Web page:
Another attraction along this path is the Scout 800 - an old dilapidated jeep. At first glance it looked like it had just recently been driven to the side of the trail because it had a trailer attached to it, upon which fresh-looking birch logs were neatly stacked - giving the illusion that the jeep would be hauling them out of the woods any minute. Upon closer inspection, I found the tires to be flat and the one seat in the vehicle consisted of a rusted out seat-back frame and where the seat cushion should have been were a bunch of rusted, bare, springs.

Round Pond (photo by Webmaster)


At last, I came upon the main attraction: Round Pond. For the most part it was very quiet and peaceful there. The pond was pretty large - I could just barely hold it all using my peripheral vision. There wasn't really a clearing by the pond - but lots of boulders and ferns and other low lying plants. There's a path that leads around the shore and I explored this path for almost one side of the pond. There's a stone wall that comes down the hillside, to the pond, and continues right into the pond! It marks a boundary for state land. I found a comfy rock with an unobstructed view and sat down for a pleasant lunch. Although it was a pleasant hiking temperature, I was actually quite chilly sitting by the pond so I bundled up.

I think I saw a bald eagle. I didn't have my binoculars so I can't be sure, but I don't know of any other large bird that fits those color characteristics. Its head and tail were a bright white and the rest of its body was dark.

A weird thing happened to me while I was exploring the pond's shore - I think I was shot at. A friend told me it's not yet firearm season but that doesn't mean there won't be anybody out shooting. I was kind of in my own world but was vaguely aware of a loud booming noise that sounded like it came from across the pond - corresponding to this boom was a big splashing sound in the water. The second time these noises happened together, the water splashed about 8 feet in front of me and I was suddenly horrified to realize I was probably being shot at. At this point, although just barely offshore, I was behind several trees. So I walked over to a spot nearby that had no trees so that I was clearly visible. I waved my arms to let the yahoos know that they were shooting at a person. After that, I didn't hear any more booms or water splashes, but it was a disconcerting experience and I probably won't want to risk returning to this site.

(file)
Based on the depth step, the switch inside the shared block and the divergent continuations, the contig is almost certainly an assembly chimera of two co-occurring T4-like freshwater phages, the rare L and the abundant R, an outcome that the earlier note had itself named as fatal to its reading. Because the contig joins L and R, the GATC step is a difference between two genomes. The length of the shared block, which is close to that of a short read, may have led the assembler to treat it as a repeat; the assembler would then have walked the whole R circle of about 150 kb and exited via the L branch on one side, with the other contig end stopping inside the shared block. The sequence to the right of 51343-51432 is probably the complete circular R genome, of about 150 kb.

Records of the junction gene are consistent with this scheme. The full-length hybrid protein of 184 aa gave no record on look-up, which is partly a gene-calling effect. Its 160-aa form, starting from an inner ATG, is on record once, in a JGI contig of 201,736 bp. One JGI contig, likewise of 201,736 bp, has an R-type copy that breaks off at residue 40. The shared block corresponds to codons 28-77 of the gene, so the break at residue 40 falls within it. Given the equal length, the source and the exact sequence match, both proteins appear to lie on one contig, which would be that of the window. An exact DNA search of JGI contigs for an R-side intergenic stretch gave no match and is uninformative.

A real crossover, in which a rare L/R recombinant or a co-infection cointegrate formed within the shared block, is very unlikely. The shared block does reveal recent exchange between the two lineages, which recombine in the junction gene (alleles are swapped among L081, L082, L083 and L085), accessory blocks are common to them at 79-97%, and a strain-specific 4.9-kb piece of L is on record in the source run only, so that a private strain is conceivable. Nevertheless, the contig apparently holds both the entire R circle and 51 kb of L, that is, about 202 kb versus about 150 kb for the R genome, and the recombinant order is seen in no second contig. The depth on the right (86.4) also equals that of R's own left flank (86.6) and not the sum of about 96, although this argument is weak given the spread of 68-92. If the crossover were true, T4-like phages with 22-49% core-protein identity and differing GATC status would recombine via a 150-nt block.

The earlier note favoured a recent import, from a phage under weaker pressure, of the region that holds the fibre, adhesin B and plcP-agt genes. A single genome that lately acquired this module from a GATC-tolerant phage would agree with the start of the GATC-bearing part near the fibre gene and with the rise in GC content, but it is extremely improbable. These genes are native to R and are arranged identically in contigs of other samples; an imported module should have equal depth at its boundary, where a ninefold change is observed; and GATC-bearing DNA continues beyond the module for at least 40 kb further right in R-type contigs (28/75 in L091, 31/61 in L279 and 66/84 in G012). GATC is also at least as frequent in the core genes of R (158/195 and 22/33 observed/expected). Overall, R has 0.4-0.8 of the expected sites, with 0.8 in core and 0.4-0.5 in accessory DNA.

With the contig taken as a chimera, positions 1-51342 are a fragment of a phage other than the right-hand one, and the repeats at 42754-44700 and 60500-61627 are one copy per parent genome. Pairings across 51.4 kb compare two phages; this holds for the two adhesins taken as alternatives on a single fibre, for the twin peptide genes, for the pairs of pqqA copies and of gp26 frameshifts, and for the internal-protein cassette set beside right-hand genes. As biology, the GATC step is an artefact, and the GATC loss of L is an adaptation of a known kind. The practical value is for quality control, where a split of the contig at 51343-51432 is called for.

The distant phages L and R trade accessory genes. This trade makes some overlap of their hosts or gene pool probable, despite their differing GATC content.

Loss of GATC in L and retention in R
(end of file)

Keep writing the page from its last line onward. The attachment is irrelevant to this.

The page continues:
Stay overnight in a tipi - Tipi Lodging

 


NH - Central East

  Driving Directions   

  • From I-93, take exit 20 (for Rts. 3, 11, 132, 140).
  • Head east on Rt. 11.
  • Then take Rt. 11A east.
  • Turn right at big sign for Gunstock Ski area and follow the road down to the large parking lot.

After parking in the lot, walk back up the road you just came on, and right after you cross over the bridge (near the pond), the trailhead will be on the right. There's a mailbox there that sometimes has trail guides and there's also a sign for Cobble Mountain.

Facilities   

Bathrooms at the Gunstock complex.

Mountain bike trail maps available at the Gunstock complex.

More Round Pond Trail Reports   

  White Mountains elegant vacation rental